Colombia Peace Agreement: Gender Justice marred by lack of political will

In Colombia, there are over 6 million rural women, many of whom have had limited access to land due to conflict and structural policies that have historically concentrated the property of land in the hands of men. The signing of the Peace Agreement raised hopes to make this situation change, yet nothing is being accomplished.

According to reports the Gender in Peace Group – GPAZ, almost 5 years since the implementation of the Accord, only 20% of the gender measures contemplated in the compromises have been implemented timely and adequately. The slowdown in the implementation of the approach has been present since 2018, a situation coinciding with the mandate of the current government.

The follow-up made by GPAZ to the 109 gender measures distributed in the 6 points of the Agreement allow the demonstration that the 26% of the measures have not progressed, especially those contemplated in the points of the Integral Rural Reform and political participation, on their part, 50% of the measures show partial progress.

The Accord contemplates a total of 25 gender measures for Integral Rural Reform, of which only 3 have been implemented opportunely: 1) participation of women in the process of building Development Programs with a Territorial Approach, 2) quality technical assistance service and participatory and community assessment taking into account the participation of women and 3) the implementation of a plan to support and consolidate the generation of income from the peasant, family and community economy allowing women to overcome barriers access to financing.

In total, 84% of gender measures for the implementation of point 1 have not progressed or are only partially made. There is a special concern because of the delays in access to land for women, the creation of the Agrarian Jurisdiction with special training for women on their rights, housing solutions with a differential approach, increasing technical and university places in rural areas, promoting pregnancy protection schemes and medical attention for newborns.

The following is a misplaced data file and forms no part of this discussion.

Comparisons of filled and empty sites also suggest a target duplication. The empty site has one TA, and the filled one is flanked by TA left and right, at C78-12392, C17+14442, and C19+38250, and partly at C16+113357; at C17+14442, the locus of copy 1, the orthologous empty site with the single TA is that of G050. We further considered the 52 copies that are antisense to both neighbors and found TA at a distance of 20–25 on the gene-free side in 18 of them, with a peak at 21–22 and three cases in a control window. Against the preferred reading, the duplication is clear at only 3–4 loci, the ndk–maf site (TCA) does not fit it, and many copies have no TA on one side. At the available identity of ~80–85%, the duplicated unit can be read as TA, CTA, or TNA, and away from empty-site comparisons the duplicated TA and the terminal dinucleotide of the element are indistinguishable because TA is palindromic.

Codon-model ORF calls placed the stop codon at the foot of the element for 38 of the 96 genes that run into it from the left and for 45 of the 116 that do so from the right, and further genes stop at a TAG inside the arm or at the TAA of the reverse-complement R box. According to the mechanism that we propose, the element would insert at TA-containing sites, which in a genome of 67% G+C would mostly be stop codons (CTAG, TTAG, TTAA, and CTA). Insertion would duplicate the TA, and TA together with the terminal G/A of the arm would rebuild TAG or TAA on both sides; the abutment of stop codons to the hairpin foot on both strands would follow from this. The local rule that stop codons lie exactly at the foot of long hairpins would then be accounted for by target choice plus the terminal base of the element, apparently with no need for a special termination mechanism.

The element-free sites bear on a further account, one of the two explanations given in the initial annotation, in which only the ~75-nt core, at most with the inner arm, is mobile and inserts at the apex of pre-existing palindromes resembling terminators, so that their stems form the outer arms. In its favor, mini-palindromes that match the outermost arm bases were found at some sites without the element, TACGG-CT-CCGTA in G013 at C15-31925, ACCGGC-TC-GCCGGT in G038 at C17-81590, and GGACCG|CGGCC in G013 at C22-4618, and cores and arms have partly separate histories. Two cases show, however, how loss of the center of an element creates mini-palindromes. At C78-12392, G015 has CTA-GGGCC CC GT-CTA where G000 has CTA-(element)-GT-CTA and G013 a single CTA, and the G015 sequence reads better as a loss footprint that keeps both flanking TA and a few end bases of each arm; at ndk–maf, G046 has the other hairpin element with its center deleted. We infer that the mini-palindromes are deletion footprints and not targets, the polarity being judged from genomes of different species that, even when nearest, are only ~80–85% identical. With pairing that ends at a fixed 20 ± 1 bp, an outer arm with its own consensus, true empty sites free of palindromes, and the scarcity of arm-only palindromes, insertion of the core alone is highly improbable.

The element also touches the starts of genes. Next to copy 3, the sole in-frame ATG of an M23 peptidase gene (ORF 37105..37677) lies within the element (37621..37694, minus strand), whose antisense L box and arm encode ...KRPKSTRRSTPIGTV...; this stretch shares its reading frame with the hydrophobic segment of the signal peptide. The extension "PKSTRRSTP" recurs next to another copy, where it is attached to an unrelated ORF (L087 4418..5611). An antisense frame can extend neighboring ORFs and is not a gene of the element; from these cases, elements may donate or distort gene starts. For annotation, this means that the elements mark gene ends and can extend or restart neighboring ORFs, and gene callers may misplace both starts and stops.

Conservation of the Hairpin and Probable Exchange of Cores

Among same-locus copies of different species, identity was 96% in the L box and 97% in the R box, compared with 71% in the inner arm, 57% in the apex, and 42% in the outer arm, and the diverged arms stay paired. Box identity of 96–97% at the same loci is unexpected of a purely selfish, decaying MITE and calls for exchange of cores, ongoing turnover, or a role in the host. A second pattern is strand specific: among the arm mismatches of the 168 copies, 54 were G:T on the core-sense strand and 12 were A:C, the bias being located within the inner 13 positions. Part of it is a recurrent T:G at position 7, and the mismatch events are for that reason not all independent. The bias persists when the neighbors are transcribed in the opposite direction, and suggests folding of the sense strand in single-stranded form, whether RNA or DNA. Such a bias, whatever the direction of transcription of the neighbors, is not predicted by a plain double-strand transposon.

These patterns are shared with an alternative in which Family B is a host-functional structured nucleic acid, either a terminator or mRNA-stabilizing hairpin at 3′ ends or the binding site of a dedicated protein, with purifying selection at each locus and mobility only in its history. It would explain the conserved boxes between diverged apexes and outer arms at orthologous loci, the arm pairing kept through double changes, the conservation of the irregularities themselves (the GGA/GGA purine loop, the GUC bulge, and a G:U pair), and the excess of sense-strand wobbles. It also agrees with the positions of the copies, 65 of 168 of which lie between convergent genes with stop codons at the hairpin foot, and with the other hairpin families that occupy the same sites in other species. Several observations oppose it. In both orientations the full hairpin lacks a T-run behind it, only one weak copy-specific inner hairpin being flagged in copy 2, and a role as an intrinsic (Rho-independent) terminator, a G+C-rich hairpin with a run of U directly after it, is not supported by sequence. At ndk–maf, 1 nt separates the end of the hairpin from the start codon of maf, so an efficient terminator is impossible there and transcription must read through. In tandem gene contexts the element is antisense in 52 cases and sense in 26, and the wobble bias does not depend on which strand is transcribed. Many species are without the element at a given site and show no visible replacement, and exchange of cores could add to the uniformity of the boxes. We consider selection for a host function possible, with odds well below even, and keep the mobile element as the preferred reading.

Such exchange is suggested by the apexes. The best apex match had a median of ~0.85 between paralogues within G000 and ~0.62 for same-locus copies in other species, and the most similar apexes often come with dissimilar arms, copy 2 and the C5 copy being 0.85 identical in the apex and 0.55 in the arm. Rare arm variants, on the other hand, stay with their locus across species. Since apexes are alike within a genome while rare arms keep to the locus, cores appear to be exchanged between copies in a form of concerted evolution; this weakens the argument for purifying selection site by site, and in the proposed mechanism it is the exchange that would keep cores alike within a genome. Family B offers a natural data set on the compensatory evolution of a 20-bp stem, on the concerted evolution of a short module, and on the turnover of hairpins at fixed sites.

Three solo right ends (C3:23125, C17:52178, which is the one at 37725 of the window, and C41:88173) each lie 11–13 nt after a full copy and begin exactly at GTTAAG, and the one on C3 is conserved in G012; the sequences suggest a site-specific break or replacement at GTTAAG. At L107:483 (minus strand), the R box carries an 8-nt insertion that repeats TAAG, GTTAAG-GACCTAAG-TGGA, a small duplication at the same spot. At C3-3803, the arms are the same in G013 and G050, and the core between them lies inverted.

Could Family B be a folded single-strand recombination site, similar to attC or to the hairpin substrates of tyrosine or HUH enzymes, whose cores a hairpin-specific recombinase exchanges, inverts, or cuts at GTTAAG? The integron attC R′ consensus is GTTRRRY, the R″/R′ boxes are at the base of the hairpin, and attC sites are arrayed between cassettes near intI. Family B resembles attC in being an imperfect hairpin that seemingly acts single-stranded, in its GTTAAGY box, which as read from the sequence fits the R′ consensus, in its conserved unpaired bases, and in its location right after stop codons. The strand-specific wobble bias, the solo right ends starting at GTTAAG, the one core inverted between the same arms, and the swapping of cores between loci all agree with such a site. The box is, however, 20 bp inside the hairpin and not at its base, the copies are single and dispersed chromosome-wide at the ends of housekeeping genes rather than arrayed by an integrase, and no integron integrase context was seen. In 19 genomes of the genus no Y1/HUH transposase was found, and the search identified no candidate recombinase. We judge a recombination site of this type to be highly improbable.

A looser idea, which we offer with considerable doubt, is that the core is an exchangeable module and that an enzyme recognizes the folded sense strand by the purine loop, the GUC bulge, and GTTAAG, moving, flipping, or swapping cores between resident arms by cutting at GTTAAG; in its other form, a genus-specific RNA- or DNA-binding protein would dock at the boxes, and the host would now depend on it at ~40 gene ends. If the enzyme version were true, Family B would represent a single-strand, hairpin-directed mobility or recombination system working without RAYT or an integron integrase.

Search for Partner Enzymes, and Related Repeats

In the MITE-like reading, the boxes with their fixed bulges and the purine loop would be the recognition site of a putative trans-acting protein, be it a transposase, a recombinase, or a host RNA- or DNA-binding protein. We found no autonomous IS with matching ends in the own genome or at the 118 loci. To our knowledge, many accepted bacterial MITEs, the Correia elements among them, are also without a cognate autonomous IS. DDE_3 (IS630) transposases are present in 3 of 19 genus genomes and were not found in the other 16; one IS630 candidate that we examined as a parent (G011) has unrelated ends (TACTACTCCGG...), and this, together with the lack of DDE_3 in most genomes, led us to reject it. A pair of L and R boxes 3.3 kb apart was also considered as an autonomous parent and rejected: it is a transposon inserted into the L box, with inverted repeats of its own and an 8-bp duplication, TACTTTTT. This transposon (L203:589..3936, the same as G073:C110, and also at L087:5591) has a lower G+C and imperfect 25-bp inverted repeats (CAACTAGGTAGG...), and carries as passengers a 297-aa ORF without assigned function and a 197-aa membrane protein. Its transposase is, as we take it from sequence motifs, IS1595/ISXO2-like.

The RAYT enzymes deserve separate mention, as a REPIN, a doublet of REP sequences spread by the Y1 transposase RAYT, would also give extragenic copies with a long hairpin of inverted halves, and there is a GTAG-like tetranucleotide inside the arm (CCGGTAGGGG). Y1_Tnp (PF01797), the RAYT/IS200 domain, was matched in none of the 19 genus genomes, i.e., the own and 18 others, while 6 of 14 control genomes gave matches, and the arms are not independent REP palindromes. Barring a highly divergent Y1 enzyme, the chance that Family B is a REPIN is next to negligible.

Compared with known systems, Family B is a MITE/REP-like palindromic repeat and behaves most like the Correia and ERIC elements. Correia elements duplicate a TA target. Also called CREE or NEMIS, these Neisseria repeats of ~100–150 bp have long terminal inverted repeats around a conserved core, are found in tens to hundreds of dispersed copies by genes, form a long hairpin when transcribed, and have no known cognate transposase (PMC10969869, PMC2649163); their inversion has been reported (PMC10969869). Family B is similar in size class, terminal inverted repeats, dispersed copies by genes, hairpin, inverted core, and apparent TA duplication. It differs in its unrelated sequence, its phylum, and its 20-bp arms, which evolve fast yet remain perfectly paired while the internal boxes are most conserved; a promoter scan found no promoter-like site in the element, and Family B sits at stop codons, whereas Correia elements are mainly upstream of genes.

Regarding access to land, of the 71,500 requests in the Register of Planning Subjects (tool where people benefiting from access and formalization of possession of land are registered) only the right to access to land has been guaranteed to 265 women, being 0.3% of the total applicants.

A total of 1,120,328 hectares were formalized, 30.4% of the amount corresponding to female holders, 69.3% to men and 0.3% to couples. It is important to remember that 99% of the areas were formalized before 2017, which means that [this formalization] does not respond to the management of the ANT as part of the implementation of the Agreement.

The current security crisis in the country deepens the limitations of women’s access to land, there is no point in women having access to land if they and their families are going to be displaced. It is necessary to guarantee security for permanence in the territories and to effectively implement the Peace Agreement, we want the next government to be careful of its compromises.